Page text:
This article was first published on Moneycontrol.
International funds are mutual fund schemes that primarily invest in stocks of companies located outside India. By investing in international markets, these funds allow investors to benefit from international growth stories, thus boosting portfolio returns. It is a great way to diversify one’s portfolio.
An investor looking to invest in international funds should first understand his\her investment objective. If the investment objective is simply to earn higher returns, then it may not be advantageous to take risks while investing in international funds. Prateek Mehta, CEO & Co-Founder, Upwardly.in, said, “If you want exposure to some of the biggest global companies like Google, Microsoft, Amazon, etc in your portfolio, then investing in international funds is a convenient method.”
Who should invest in international funds?
According to Mehta, “If some of your future expenses like children education in international universities are to be paid in dollars, then these investments can act as a good hedge against a currency fluctuation. These investments also come in handy if you are looking to relocate to an international location in future.”
The primary reason for having an exposure to international funds is to add another level of diversification to your financial plan. Vidya Bala, Head of MF Research, FundsIndia said, “An investor shouldn’t invest for any tactical exposure based on currency depreciation or appreciation.”
Himanshu Srivastava, Senior Research Analyst, Morningstar, said, “While this approach diversifies/reduces the risk associated with investment in a single country, especially in the times of market volatility, also helps capitalize on opportunities in other developed and emerging economies.”
Also, the investments need to be made depending on an investor’s investment objective, risk appetite and the requirement of his financial plan. Bala added, “An investor with an appetite for equity risk can consider 10-15 percent of their equity exposure to international funds.”
Performance of international funds
Returns of international funds primarily depend on two factors: 1) Performance of markets in the selected geography; and 2) Currency rate movements.
Mehta said, “In the last 12-15 months, US and China equity markets have performed well. In the last one year, the rupee fell between 5 percent and 12 percent major currencies like the dollar, yuan, euro, and yen. This fall was after a long, stable run for the rupee. Meanwhile, the rupee has appreciated against other emerging market currencies like the real and ruble dampening returns from those county funds.”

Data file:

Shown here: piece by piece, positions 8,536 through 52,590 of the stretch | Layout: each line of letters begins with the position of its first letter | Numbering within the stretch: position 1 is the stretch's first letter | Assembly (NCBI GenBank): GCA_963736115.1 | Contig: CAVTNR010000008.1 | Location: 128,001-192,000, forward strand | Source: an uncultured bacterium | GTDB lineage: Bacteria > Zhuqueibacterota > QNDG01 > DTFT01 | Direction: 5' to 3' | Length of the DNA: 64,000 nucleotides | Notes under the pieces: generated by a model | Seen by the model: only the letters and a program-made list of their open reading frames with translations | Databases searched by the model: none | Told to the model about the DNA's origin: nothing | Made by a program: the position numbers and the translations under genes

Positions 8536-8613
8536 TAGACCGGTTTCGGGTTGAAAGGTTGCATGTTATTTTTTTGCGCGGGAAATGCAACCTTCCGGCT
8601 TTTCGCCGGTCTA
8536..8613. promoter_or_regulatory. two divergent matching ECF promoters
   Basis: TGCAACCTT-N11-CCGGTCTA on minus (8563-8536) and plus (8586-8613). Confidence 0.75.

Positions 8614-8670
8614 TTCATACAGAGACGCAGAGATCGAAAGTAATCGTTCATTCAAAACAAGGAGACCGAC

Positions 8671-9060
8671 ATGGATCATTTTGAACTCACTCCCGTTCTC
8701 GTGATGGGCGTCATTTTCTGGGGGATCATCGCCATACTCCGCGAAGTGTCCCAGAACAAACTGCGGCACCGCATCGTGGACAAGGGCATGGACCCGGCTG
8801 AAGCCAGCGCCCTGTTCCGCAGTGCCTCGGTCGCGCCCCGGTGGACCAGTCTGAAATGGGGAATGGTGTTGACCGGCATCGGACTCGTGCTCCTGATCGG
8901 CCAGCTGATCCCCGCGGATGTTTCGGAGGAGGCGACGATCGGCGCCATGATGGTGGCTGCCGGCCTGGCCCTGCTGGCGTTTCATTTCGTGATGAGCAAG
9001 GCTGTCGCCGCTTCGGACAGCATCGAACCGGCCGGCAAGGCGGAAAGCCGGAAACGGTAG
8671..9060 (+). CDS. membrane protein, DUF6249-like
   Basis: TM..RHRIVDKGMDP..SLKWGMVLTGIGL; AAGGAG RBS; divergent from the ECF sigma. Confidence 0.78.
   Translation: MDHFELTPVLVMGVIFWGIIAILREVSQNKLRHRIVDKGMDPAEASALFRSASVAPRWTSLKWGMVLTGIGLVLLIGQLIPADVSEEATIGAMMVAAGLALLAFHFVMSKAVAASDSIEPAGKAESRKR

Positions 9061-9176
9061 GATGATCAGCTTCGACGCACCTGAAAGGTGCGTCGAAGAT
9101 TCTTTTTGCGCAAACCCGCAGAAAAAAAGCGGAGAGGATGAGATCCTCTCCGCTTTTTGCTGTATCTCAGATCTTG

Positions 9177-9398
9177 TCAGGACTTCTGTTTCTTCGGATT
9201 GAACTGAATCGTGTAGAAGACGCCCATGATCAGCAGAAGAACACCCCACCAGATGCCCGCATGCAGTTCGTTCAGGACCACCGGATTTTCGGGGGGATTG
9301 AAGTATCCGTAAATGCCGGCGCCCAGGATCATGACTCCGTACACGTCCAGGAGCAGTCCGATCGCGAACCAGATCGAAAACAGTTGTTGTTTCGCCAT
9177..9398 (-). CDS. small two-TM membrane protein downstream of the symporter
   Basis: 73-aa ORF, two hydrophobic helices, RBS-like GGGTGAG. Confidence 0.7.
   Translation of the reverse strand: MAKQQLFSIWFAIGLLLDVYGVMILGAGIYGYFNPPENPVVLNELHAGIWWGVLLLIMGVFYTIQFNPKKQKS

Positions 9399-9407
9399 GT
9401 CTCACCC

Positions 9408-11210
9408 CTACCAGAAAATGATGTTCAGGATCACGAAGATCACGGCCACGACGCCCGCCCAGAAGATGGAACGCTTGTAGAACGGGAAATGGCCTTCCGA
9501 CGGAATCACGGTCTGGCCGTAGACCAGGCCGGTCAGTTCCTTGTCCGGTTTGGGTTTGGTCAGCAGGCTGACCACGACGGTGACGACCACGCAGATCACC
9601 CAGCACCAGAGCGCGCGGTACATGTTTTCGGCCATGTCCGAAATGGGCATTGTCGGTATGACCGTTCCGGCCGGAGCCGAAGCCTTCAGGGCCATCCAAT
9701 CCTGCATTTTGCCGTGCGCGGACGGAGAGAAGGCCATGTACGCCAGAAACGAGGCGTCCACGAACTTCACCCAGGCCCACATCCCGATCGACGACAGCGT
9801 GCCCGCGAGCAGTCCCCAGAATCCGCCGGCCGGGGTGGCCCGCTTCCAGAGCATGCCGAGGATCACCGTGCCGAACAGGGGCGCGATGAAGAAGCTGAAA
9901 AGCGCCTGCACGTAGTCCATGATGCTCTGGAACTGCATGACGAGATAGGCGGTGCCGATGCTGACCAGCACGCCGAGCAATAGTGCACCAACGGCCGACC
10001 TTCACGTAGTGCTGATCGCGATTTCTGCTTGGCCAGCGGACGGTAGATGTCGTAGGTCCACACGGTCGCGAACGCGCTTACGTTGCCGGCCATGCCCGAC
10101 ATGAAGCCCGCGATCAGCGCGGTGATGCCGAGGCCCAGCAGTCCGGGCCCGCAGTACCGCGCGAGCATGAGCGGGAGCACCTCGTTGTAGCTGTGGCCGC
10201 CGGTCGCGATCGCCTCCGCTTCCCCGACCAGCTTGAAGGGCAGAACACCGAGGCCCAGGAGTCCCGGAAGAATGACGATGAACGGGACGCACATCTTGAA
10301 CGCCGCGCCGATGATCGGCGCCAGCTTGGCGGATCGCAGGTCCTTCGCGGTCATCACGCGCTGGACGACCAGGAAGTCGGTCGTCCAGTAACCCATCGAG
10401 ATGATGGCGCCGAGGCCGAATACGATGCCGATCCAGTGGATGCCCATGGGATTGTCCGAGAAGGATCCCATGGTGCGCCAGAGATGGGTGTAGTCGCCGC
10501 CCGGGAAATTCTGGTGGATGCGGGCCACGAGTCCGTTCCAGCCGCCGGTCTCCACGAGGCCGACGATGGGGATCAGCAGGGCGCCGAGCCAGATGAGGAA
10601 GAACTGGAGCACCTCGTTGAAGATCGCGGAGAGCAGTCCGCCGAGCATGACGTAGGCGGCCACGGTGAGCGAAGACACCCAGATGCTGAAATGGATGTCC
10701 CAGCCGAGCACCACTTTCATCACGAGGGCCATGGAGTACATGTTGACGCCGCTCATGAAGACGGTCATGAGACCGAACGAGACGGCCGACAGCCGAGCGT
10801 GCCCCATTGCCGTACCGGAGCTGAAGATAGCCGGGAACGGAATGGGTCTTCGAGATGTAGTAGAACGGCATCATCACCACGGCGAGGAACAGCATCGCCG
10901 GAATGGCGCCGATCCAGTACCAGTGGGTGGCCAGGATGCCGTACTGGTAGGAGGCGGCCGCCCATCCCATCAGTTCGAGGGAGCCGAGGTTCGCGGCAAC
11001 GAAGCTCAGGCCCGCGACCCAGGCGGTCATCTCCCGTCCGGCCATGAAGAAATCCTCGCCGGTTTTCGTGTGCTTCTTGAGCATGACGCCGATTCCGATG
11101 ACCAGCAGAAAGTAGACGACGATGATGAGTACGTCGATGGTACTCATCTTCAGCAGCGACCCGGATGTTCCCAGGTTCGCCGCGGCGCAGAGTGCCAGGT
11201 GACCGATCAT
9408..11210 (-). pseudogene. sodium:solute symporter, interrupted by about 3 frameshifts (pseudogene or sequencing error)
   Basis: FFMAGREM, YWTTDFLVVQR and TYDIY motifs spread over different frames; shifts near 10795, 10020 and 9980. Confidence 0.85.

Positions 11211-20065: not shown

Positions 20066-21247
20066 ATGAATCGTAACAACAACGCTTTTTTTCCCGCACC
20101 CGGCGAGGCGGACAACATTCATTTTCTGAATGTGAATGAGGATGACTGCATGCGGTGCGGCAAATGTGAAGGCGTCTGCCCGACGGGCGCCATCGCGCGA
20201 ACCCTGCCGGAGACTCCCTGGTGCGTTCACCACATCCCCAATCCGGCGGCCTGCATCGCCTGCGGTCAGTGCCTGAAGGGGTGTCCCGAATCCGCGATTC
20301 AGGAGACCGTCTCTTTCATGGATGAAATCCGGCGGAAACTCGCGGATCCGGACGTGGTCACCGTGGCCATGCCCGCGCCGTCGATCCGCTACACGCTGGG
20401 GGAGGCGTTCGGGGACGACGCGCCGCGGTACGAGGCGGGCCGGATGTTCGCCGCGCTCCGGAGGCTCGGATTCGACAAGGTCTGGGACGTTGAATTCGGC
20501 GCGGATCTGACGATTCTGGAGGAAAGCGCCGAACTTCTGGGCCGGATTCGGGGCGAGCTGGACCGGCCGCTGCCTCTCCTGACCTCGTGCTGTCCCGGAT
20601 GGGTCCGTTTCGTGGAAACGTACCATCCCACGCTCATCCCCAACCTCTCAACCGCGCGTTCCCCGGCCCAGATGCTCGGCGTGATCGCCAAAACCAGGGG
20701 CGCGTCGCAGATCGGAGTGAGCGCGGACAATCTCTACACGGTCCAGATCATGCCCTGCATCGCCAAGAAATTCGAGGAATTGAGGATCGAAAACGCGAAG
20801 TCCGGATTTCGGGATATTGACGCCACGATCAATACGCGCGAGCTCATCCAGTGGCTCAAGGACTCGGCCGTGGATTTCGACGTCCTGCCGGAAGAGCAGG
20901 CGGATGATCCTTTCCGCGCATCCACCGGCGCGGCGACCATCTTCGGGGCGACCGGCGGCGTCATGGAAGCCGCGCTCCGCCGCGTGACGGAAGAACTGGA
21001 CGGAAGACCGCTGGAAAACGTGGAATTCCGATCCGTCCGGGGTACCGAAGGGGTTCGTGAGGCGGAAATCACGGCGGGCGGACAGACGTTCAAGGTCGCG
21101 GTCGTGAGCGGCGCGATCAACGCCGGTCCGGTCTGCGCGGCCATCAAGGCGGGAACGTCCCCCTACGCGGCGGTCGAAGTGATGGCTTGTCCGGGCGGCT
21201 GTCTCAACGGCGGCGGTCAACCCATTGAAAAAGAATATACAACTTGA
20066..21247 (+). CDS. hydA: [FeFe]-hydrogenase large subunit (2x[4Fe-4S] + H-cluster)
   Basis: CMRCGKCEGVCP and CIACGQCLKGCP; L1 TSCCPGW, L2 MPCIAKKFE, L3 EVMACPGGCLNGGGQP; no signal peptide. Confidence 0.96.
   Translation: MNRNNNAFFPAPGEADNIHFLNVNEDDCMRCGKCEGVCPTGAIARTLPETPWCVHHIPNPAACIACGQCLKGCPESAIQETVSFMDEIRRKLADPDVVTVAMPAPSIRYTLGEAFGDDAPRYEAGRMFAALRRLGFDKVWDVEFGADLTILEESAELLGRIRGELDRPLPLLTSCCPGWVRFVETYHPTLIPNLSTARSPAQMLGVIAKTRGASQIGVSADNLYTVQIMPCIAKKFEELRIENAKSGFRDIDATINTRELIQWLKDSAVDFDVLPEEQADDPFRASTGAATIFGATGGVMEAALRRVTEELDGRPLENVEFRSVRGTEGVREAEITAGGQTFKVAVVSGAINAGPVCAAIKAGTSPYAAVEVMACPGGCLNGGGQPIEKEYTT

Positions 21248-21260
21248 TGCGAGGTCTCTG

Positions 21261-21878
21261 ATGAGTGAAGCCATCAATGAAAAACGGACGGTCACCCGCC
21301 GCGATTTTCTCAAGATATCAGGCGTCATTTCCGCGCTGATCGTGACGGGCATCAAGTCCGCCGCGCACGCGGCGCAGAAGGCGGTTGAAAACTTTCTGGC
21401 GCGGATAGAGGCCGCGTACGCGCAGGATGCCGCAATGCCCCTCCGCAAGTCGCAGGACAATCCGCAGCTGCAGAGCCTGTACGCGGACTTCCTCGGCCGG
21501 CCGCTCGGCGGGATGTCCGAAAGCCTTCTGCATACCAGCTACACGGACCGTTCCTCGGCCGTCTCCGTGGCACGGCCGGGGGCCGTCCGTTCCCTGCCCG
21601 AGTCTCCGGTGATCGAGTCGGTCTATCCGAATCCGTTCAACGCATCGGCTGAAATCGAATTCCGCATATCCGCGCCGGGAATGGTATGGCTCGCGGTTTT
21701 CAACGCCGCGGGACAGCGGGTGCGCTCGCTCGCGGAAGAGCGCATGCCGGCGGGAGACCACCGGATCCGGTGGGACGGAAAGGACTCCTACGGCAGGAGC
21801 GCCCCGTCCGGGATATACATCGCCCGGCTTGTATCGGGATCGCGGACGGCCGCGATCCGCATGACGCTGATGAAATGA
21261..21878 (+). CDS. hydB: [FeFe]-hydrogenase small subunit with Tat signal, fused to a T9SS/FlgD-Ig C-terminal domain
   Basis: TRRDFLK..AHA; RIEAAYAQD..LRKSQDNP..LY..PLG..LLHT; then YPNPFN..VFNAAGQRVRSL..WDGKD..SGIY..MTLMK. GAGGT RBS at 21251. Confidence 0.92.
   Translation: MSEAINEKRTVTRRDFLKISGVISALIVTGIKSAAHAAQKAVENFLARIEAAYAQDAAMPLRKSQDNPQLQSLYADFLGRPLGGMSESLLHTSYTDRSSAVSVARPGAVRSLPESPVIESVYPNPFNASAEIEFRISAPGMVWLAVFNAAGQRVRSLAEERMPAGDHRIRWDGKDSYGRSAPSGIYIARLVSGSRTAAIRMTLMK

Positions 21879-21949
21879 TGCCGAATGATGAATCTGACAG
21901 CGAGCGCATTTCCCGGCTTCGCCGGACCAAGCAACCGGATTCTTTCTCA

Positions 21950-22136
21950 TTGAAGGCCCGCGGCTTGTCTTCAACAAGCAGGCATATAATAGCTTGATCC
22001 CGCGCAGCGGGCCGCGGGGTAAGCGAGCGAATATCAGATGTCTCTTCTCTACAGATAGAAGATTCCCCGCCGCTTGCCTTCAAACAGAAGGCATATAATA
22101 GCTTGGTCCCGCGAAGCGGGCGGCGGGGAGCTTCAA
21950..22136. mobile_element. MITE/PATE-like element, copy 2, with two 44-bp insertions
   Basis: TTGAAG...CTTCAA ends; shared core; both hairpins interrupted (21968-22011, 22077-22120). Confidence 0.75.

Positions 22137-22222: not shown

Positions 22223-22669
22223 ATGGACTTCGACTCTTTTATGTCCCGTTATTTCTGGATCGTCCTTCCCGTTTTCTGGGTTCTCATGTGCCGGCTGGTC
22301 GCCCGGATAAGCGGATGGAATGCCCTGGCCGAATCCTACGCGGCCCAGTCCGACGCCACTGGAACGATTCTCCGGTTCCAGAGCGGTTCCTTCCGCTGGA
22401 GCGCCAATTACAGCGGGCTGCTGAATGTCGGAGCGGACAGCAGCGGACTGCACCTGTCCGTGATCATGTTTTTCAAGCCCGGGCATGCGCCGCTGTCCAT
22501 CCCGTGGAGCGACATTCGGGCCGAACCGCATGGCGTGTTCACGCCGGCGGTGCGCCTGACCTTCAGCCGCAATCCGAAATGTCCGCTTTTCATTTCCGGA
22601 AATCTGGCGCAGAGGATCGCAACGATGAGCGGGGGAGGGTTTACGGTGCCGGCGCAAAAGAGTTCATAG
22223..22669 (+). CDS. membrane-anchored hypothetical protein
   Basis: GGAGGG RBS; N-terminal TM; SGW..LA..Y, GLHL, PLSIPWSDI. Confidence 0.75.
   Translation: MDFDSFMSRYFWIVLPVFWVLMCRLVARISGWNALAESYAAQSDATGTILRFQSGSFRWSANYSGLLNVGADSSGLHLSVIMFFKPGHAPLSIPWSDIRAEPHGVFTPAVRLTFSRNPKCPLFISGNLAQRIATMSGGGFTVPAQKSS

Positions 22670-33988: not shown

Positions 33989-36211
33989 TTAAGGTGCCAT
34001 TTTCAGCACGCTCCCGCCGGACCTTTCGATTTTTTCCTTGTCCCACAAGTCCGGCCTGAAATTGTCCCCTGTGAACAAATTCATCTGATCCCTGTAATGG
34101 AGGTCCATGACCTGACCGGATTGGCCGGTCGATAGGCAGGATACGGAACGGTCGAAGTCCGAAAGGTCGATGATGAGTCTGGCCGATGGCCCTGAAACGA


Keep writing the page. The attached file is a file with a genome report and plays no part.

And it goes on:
Based on these two factors, US-based funds have returned anywhere between 19 percent and 25 percent, Edelweiss Greater China Fund has given a staggering 34 percent return in the last one year.
While we have discussed the one-year performance above, investors in equity markets should always look at 3-year and 5-year returns to evaluate investment opportunities. The US and China-based funds have performed well with 10-11 percent and 14-16 percent returns annually over 3-year and 5-year periods, respectively. On the other hand, funds investing in Japan, Brazil, and European markets have underperformed with a meager annualized return of 2-6 percent.
Regions and themes you should be investing
According to Bala, “A region that has lower correlation to Indian markets is preferred if one is using an international fund for diversification. In this regard, emerging markets are more correlated. So, a market like the US would provide better diversification options.”
Manish Kothari, Director and Head of Mutual Funds at Paisabazaar.com, said, “International funds have focused on the US since the end of global financial crisis as US markets have proved to be more resilient than other advanced markets. The strong performance is expected to continue given the sustained improvements in their economic and corporate earnings growth. Additionally, investing in US-focused funds might also benefit investors from currency depreciation as falling rupee would further increase fund returns. Also, rising global commodity prices have increased the attractiveness of international thematic funds focused on commodities.”
“China continues to remain attractive in the wake of its companies increasingly turning global, coupled with a strong domestic consumption market. However, other markets like Europe, Brazil, Japan, and Russia are suffering from lackluster economic performance and is better to stay away from those geographies,” said Mehta.
As with all investments, investing in international funds comes with its own set of risks, the biggest being currency risk. Kothari cautions, “If the rupee appreciates against the currency in which the international fund is invested, then fund returns will suffer despite gains made by the fund in the international market(s).”
“Another major risk affecting international funds are the political and economic risk. A minor change in the political arena of that country can impact the value of the investment,” Amit Kachroo, Managing Partner at AANEEV Wealth, stated.
Weaker understanding of international equity markets by Indian fund managers is also a risk. Mehta said most international funds are small in asset size, with typical assets under management less than Rs 100 crore. “Funds with low AUM can suffer from the pressure of large redemptions. An investment advisor can help mitigate these risks.”
“Gains booked from redeeming international funds within 3 years of investment is taxed as per the tax slab of the investor. Gains realized from redeeming international funds after 3 years is taxed at 20 percent with indexation,” Kothari stated.